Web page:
Sound Transit issues Final Environmental Impact Statement for East Link

Publish Date

Milestone positions Board to identify final light rail project to be built through Bellevue and Redmond

The upcoming extension of light rail to Mercer Island, Bellevue and Redmond reached a major milestone today with the distribution of the Final Environmental Impact Statement (Final EIS) for the East Link light rail project.

The Final EIS documents the numerous benefits of connecting our region's largest population and employment centers with fast, frequent and reliable mass transit service, as well as project impacts and required mitigation. The publication positions the Sound Transit Board to select an East Link route and stations on July 28 or thereafter.

By 2030 the East Link project is forecasted to move up to 50,000 riders each weekday.

After the route and stations are selected and Sound Transit receives Federal Transit Administration approval through a Record of Decision, the project will move into final design. Sound Transit is expected to start construction of East Link in 2015 or 2016 and launch passenger service in 2022 or 2023.

The Final EIS reflects Sound Transit's strong commitment to involving the public. Over the last five years Sound Transit held 28 open houses, workshops and hearings and attended 249 meetings with local groups, property owners and residents. Sound Transit reviewed 1,887 comments during the formal environmental review process.

"Today is an important day for the East King County residents who are waiting to ride a vital part of the regional mass transit system Sound Transit is working to expand," said Sound Transit Board Chair and Snohomish County Executive Aaron Reardon. "We are committed to moving this project forward as rapidly as we can and continuing to involve the public in the design process."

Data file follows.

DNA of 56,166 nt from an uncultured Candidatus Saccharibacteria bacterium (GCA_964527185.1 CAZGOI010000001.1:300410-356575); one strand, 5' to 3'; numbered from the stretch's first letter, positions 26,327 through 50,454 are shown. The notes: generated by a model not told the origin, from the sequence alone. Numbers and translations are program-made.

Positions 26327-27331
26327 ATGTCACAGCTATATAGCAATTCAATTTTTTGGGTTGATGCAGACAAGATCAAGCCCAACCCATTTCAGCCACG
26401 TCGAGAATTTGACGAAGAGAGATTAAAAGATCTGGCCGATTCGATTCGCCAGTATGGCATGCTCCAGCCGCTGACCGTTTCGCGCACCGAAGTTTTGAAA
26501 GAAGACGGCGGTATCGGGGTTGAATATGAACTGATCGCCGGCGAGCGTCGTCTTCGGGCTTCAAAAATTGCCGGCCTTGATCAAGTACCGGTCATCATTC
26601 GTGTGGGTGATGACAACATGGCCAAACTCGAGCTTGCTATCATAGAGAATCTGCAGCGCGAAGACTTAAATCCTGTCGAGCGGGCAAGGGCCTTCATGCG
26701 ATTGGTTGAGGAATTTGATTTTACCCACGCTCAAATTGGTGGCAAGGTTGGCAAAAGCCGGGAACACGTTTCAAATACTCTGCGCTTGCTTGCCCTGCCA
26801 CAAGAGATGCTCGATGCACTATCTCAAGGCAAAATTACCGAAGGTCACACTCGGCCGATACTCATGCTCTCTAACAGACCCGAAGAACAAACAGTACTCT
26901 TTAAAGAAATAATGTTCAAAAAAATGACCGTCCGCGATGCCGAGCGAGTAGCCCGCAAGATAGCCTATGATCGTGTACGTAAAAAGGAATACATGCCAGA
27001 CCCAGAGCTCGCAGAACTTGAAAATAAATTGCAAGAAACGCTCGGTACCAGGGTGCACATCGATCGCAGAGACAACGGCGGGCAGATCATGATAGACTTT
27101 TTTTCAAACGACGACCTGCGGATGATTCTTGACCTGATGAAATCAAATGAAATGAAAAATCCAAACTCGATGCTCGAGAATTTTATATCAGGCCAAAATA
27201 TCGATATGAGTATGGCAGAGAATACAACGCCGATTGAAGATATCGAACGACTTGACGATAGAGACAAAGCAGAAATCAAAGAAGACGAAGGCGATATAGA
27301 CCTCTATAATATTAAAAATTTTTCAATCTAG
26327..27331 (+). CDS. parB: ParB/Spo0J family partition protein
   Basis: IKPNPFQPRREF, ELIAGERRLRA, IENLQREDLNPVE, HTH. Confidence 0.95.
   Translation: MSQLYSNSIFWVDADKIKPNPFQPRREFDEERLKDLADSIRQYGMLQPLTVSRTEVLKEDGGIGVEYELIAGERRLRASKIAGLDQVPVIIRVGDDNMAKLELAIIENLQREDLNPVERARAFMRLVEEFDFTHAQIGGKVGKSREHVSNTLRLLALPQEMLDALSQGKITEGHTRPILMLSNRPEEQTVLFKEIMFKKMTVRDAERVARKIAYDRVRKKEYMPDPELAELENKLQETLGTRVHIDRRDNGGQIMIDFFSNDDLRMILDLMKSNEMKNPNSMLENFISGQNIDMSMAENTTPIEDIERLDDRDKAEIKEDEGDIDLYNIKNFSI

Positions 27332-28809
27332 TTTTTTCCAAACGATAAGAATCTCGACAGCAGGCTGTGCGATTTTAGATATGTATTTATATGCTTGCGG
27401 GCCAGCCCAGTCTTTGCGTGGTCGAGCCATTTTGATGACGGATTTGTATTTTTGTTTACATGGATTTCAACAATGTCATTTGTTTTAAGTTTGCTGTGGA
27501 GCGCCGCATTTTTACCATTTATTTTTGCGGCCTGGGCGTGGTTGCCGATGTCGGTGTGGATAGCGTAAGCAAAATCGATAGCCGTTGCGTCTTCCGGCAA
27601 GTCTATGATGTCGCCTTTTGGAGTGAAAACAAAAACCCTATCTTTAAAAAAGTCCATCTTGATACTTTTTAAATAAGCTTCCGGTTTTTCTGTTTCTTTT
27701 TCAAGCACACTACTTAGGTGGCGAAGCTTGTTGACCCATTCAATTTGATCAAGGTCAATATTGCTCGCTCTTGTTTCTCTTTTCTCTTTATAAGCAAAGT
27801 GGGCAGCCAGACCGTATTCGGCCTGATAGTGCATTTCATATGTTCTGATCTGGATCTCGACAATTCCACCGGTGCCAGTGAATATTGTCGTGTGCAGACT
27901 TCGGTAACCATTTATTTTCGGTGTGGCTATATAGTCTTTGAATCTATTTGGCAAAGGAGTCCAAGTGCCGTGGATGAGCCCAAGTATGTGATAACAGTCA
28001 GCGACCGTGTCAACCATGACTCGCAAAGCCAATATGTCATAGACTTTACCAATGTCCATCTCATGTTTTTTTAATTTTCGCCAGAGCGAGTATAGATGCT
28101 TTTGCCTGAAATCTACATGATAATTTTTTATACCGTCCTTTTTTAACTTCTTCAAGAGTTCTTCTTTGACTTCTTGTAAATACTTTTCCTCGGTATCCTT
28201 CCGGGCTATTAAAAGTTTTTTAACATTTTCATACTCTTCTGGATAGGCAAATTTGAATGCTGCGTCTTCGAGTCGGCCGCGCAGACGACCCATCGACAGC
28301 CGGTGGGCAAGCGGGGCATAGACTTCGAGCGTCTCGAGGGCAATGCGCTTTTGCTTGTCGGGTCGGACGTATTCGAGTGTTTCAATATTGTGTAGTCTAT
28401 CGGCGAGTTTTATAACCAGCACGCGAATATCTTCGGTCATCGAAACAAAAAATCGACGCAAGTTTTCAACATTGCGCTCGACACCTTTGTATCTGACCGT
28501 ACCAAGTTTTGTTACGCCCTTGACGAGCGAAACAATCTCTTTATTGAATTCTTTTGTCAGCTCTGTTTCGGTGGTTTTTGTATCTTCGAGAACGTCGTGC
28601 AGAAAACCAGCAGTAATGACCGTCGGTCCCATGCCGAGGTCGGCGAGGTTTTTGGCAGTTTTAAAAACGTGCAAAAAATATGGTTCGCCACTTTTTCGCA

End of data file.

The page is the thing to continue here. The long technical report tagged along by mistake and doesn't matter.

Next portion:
"The years of work summarized in this document position us to turn our region's vision of fast and reliable mass transit into real tracks, trains and stations. We are now poised to move forward," said Sound Transit Board and Bellevue City Council Member Claudia Balducci. "The time we've spent on detailed analysis and involving the public give Sound Transit and the City of Bellevue the information needed to cooperatively identify the route and mitigation options in Bellevue that will deliver the best results."

"Light rail will not only improve the lives of thousands of riders each day but dramatically improve our region's competitiveness in the global marketplace," said Sound Transit Board Member and Redmond Mayor John Marchione. "The world-class businesses that are already here and those we want to attract need investments in the kind of transportation infrastructure that other regions of our size depend on. We will profoundly benefit from having a congestion-free mass transit connection between our region's major economic hubs."

"Getting light rail across Lake Washington positions us to provide connections to other Eastside Communities in future phases, and from Day 1, provide connections between Eastside bus routes and congestion-free light rail service," said Sound Transit Board Vice Chair and Issaquah City Council Deputy President Fred Butler. "It is critical to the entire Eastside that we moved forward without further delay in identifying an affordable and realistic final light rail route."